From back cover: "The summer that Patty Bergen turned twelve is a summer that will haunt her forever. When her small hometown in Arkansas becomes the site of a camp housing German prisoners during World War II, Patty learns what it means to open her heart. Even though she's Jewish, she begins to see a prison escapee, Anton, not as a Nazi -- but as a lonely, frightened young man with feelings not unlike her own, who understands and appreciates her in a way her parents never will. And Patty is willing to risk losing family, friends -- even her freedom -- for what has quickly become the most important part of her life."
What did I like: There is something gripping about this tragic story, and it held my attention throughout. The characters are well-drawn, Patty especially. Green evokes a wonderful sense of time and place in this small 1941 town. She does a fantastic job in showcasing the evils of prejudice, bigotry, racism and the mob-mentality.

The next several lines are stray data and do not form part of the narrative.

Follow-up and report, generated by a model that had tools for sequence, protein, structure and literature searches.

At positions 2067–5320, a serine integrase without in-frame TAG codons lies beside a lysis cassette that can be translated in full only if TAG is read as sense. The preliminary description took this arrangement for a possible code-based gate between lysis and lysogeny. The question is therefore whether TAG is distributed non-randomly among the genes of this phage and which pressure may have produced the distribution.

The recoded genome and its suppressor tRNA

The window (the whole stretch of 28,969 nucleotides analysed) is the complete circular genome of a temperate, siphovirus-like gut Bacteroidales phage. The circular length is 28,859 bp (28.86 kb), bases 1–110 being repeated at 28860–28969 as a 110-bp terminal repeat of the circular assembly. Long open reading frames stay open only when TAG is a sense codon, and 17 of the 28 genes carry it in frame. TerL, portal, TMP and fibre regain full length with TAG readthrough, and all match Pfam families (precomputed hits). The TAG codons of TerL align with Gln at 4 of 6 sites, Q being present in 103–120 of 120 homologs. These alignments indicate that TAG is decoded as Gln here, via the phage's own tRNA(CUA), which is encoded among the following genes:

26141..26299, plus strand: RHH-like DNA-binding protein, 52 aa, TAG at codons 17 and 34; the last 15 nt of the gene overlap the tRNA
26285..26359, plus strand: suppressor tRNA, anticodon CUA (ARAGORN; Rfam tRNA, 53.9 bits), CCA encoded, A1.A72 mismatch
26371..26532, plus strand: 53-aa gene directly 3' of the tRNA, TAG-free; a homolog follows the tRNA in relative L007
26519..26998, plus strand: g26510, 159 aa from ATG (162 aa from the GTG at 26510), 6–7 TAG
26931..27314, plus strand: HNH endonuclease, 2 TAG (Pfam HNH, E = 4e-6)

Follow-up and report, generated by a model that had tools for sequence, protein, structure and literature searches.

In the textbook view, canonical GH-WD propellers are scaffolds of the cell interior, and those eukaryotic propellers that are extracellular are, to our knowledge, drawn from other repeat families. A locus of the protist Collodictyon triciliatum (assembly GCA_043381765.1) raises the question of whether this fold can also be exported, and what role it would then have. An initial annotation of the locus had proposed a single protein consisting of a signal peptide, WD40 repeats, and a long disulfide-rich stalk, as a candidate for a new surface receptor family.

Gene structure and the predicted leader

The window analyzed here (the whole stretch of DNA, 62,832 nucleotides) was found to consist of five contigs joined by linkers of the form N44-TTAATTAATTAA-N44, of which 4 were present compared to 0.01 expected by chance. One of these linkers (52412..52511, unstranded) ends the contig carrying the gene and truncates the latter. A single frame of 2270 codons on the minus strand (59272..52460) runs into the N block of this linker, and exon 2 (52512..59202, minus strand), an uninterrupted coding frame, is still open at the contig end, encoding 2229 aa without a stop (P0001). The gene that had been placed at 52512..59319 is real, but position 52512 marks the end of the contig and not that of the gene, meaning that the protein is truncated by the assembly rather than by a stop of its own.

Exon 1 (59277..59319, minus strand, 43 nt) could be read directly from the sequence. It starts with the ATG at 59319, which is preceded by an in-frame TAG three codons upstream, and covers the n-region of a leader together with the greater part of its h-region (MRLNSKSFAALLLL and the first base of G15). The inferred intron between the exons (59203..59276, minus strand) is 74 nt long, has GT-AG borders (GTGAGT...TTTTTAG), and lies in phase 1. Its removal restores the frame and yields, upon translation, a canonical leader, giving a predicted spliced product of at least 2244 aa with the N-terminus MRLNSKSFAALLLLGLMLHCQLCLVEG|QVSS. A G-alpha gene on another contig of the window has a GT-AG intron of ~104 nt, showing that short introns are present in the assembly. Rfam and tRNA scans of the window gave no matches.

What I didn't like: Sometimes Patty acts just like a 12-year-old should, but I found her love for the German soldier to be way too mature. Then again, she needs someone to love. In her own life, there is just Ruth, the "colored woman" who is babysitter and housekeeper. Her parents just seem to hate her and that never made sense to me. True, she lies but that is mainly to make herself more appealing; she's not as pretty as her younger sister, but still attractive. I don't know, it just didn't make sense that her mother would deliberately sabotage her by sending her to a beautician who was sure to ruin her hair; and her father would beat her almost senseless for even slight infractions. Why?
It is a very sad story, but has hope at the end. You get a sense that Patty will overcome the limitations her parents place on her and survive to become a strong, intelligent woman, much better than those who raised her.